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Are Comprehensive Enterprise Level Blueprints a Waste of Time?

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From this discussion on LinkedIn, does it make sense for an EA team to prepare a comprehensive enterprise level blueprint?

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  • When done correctly, blueprints are great.
    Not enforcing them, makes them a waste of time.

  • Yes, as long as:

    1. The EA team does not get stuck in "analysis paralysis" in an attempt to overengineer the "comprehensiveness" of the Blueprints.

    2. The Blueprints are so "comprehensive" that they constantly get outdated making maintaining them next to impossible. As a result the Blueprints are never current nor relevant.

  • Comprehensive Enterprise blueprints are most useful to the enterprise stakeholders that own that aspect of the Enterprise or for occasional inspection by other professionals.

    Since the blueprints are designed and owned by the stakeholders in charge of the specific Enterprise views, they should have as much detail as necessary to execute the day to day work.

    Nevertheless, most enterprise stakeholders would be satisfied with a high level EA blueprint.

    The concern comes from fear that the EA architect is asked to deliver comprehensive blueprints that he/she is not suppose to or not able to, for lack of deep enough knowledge.

    The EA architect does not provide detailed blueprints but establishes the framework, that links these blueprints back into the whole EA, and coordinates the blueprint work.

  • Enterprise Blueprints are a great way to align everything within a systems environment towards a common set of principles. In my experience they work when:

    1. Obviously if they are "correct" - a highly subjective and debatable thing in architecture
    2. The _principles_ are comprehensive and do not require large scale re-engineering to align systems to
    3. You don't try getting common buy in (which will end in paralysis) but the leadership is empowered to enforce them

  • Enterprise blueprints, and practically any EA deliverable for that matter, are only useful if:

    1) They have a purpose in someone's process
    2) They are updated by appropriate processes

    The problem is that they are all too frequently created in response to a fire drill- a one time process with focused on solving one specific thing. At the end of the fire drill, all material associated with it is forgotten. Even if not forgotten, it's usually out of date or inappropriate/incomplete for the next drill, resulting in a whole bunch of wasted effort.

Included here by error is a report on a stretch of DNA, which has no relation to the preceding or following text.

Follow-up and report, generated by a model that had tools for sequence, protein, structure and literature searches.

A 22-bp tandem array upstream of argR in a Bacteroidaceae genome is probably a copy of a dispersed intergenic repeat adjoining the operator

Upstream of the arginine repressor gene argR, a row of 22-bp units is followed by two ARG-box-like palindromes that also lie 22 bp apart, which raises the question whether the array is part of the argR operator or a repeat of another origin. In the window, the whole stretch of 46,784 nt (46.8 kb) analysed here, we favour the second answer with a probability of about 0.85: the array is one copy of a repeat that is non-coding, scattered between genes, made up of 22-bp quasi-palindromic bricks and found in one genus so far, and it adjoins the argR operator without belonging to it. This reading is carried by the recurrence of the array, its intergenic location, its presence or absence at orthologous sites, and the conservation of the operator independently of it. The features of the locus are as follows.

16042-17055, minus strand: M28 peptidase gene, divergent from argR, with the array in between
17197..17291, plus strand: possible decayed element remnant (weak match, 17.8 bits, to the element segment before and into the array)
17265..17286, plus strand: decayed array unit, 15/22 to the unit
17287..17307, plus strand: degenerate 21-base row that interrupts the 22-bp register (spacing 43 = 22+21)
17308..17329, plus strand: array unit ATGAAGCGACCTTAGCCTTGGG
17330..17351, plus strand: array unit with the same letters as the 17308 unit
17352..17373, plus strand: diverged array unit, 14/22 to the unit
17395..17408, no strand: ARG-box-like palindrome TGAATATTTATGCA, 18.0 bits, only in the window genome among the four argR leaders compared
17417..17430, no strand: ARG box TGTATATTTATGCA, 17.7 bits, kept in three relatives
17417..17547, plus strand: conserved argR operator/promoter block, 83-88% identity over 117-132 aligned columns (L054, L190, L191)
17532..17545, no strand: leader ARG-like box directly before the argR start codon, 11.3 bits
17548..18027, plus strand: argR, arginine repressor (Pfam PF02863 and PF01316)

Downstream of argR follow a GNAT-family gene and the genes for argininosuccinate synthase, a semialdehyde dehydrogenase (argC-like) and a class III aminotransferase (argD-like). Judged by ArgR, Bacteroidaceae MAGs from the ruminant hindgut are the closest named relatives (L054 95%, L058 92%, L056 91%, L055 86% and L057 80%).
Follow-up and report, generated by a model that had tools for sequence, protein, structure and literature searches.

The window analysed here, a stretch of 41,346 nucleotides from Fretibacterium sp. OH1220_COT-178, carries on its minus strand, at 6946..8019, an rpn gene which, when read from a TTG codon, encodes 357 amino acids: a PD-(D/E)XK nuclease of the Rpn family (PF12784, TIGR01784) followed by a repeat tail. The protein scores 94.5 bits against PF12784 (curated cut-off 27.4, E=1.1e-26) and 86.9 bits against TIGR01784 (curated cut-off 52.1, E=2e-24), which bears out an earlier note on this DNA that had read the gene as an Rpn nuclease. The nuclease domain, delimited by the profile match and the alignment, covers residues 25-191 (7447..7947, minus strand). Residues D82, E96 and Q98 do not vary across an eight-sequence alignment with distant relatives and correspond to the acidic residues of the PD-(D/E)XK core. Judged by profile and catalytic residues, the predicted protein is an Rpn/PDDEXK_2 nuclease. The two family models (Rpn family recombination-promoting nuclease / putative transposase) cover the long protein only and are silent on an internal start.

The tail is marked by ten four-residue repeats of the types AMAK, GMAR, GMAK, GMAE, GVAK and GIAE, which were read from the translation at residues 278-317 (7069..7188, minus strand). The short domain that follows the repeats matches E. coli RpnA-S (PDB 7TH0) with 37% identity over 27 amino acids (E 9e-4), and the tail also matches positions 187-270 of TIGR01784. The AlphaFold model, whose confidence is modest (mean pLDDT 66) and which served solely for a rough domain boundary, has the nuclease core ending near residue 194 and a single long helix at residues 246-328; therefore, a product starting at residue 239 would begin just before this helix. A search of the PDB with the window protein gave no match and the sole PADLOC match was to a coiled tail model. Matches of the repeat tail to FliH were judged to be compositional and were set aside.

Only by ensuring that the blueprints have a purpose in ongoing processes, educating the people who manage those process on when and where it should be used, and making sure that processes that cause the blueprints to be inaccurate actually change the blueprints so that they stay accurate will your blueprints/deliverables be effective.

  • They're only a waste of time if no one bothers to read them. Planning in the absence of buy in and participation from the rest of the organization is crucial. You need that organizational committment that the group will actually implement, maintain, and refine the plan. Otherwise it will become a colossal waste of time.

  • It was once written of old, "Without a vision the people perish".

    A master, colorful blueprint is great for providing an organization a architectural vector to follow. However, the big pretty diagram needs to be followed up with 1) incremental views of the architecture over time and 2) a roadmap/plan that can be executed upon.

    Future State Arch - Current State Arch = List of projects to execute.


    I think the most effective EA practice is top down but also must have elements/values from the agile community (just enough, just in time) in order for the architecture to be realized.

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